Imagine my astonishment when as a middle-aged psychiatrist I first heard that upon awakening it was the practice at first spark of consciousness to recite Modeh Ani, I thank you (for returning my soul to me). The idea of training oneself to recite anything at all on a reliable basis at the first dawning of consciousness amazed me. My thoughts immediately ran to reincarnation. What can I say, I am a psychiatrist and therefore weird, and proud. This seemed like the ticket to insuring that the consciousness of one life not be totally lost in the transference to the next. A bold preservationist move. But what are we preserving? The lesson of the Shema, of course! That’s the occult reason so many Jewish parents, unbeknownst to the parents themselves, tack it onto their kids’ bedtime ritual. What you repeat right before sleep is much more likely to stick with you. And what is the lesson of the Shema? Well nothing less than the condensation of all Jewish thought, sifted and woven into one great theme. We are one with the One we love. And it is the last thing a Jew is supposed to recite before his dying moment. It is the ultimate message carried from one lifetime to the next, and reinforced as well by the transmission of the written word passed from one generation to the next. An indomitable love machine. And it was the little rodents Shaphan and Hulda who whispered that judgment into Josiah’s ear, to cultivate the message in as thoroughgoing a way as possible before the book’s prediction of the destruction of the civilization came to its inevitable pass. The judgment and the prophecy. And the ‘remedy’, all embedded in the book of Devarim and condensed into the tiny time capsule of the Shema. Words, to be recreated by.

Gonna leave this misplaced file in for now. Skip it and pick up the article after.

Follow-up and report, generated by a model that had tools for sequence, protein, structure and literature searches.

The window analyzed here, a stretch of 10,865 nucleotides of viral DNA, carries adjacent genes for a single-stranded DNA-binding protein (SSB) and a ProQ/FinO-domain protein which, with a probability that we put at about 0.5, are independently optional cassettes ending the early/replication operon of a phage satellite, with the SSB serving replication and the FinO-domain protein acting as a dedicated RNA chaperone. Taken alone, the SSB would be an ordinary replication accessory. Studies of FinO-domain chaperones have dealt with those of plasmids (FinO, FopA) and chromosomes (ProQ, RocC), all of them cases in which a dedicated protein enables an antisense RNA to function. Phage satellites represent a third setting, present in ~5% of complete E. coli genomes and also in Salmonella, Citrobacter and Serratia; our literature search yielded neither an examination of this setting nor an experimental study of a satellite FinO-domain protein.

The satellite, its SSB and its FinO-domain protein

About the Author
Michael Diamond is a writer based in the Washington, DC area. He practices psychiatry there and is a doctor of medical qigong. He has published verse, fiction and translation in Andrei Codrescu’s journal, The Exquisite Corpse; in the journal Shirim courtesy of Dryad Press; in the online journal for Akashic Press; in New Mexico Review, The Deronda Review, The Atherton Review and in The Journal of the American Medical Association. He lives in the suburbs with his wife, an artist and illuminator of Hebrew manuscripts, their dog, two cats, a cockatiel named Peaches and a tank of hyperactive fish. He has had a strong interest in Torah since first exposed to traditional stories as a child. Over the course of his life he has run the gamut of spiritual exploration of many world traditions of meditation and mythology. For the last several decades he has landed squarely in the traditional Jewish world. His writing is informed by all of this experience, by his curiosity about today's world and by his desire to mine the Jewish experience for its hidden and revealed wisdom. Torah Obscura, a glimpse of an otherwise invisible world afforded by a small aperture for light. All materials herein copyright © 2018 Michael S. Diamond. All rights reserved.